With the release of ¡Dos!, the second album of Green Day’s three-part trilogy, there’s an inherent temptation/compulsion for writers and critics to tie it in with the band’s recent difficulties (namely, Billie Jo Armstrong’s onstage meltdown and current stint in rehab, followed up with the band postponing their tour). But now that I’ve made the obligatory mention of said difficulties, I’d like to talk about ¡Dos! apart from those issues, and just look at the record on its own merits (at least for awhile).
Looking at it in that light—I’m amazed at how much more I personally enjoyed this second installment than the first one. While ¡Uno! really took Green Day back to its simple punk roots, the band really builds on that foundation on this second album by expanding into a broader sound palate—not unlike what they did in real life over time. While the punk elements are still there, this album definitely has more of a garage-rock feel, quite like the band’s alter-ego Foxboro Hot Tubs. (In fact, the cut “F**k Time” is actually a FHT tune they’ve been playing live for awhile.) As a result, sonically speaking, if ¡Uno! was black-and-white, ¡Dos! is Technicolor. There’s much more diversity between songs, and therefore much more interest generated.
Actually, the band takes things even further than garage-rock, venturing sometimes into questionable territory. Perhaps the most vivid example of this is “Nightlife,” which ill-advisedly couples a beach-rock style with a female rapper (gasp!). Another example is “Stray Heart,” which has an early-80s dancy pop/rock vibe in which the drum/bass combo sounds like it was lifted right off of Billy Joel’s “Tell Her About It.” The song itself is cool, but the nice-guy love song vibe doesn’t really fit in the context of the more sordid themes of the songs surrounding it.
Speaking of the album’s themes—let’s just say it’s a combination of raging hormones and regret. There are lots of songs about girls, written in the light of unbridled adolescent lust (“F**k Time,” “Lady Cobra” and “Makeout Party”, for example), punctuated with songs framed in the aftermath of excess (“Ashley,” “Lazy Bones”). The latter conveys the most honest expression of regret: “ ‘Cause I’m so tired I can’t take it anymore / With all the liars like a prisoner of war / I don’t want your sympathy / I don’t want your honesty / I just want to get some peace of mind.”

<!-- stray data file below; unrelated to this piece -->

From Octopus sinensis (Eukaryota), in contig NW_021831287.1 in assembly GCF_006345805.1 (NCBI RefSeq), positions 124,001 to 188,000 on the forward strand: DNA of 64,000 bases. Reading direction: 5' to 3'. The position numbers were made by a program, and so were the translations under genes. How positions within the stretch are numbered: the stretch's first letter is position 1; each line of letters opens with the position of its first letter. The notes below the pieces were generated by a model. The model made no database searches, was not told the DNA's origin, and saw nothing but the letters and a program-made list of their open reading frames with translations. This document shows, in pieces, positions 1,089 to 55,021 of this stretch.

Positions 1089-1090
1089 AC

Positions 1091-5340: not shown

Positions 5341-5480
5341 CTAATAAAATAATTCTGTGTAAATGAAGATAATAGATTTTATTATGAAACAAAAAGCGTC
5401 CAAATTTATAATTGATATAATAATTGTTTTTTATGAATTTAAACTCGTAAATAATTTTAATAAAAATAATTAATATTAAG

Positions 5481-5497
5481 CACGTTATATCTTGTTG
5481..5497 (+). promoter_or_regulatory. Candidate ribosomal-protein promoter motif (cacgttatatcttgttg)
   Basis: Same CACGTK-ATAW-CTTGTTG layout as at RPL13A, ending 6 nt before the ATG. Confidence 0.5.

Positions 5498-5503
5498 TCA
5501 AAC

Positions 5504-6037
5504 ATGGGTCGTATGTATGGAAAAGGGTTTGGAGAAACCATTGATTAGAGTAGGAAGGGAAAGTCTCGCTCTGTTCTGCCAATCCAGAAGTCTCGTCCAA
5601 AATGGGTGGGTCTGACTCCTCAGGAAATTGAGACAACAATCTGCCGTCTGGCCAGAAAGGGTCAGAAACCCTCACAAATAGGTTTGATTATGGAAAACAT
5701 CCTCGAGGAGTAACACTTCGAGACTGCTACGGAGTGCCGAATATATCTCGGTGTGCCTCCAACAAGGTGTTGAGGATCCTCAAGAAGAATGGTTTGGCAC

To me, one of the standout tracks on the album is the closer, “Amy,” a moving tribute to the late Amy Winehouse performed by Armstrong and a single guitar. And considering Amy’s fate—the result of substance abuse—here’s where I have to give in to the temptation to tie it in with Armstrong’s recent troubles. The presence of this tune on the record is simply haunting given the circumstances. If anything, it brings hope that Armstrong’s current attempt at rehab is genuine, and that he’s going to get better.
Finally, the release of ¡Dos! actually gives us a sense of context for where this trilogy is going. ¡Uno! echoed the early days of the band, while ¡Dos! reflects more of where the band has gone from there. Apparently, this is a Green Day history lesson, only with original tunes rather than “greatest hits.” If ¡Tre! ends up sounding like a musical, I’ll know I was on the right track.
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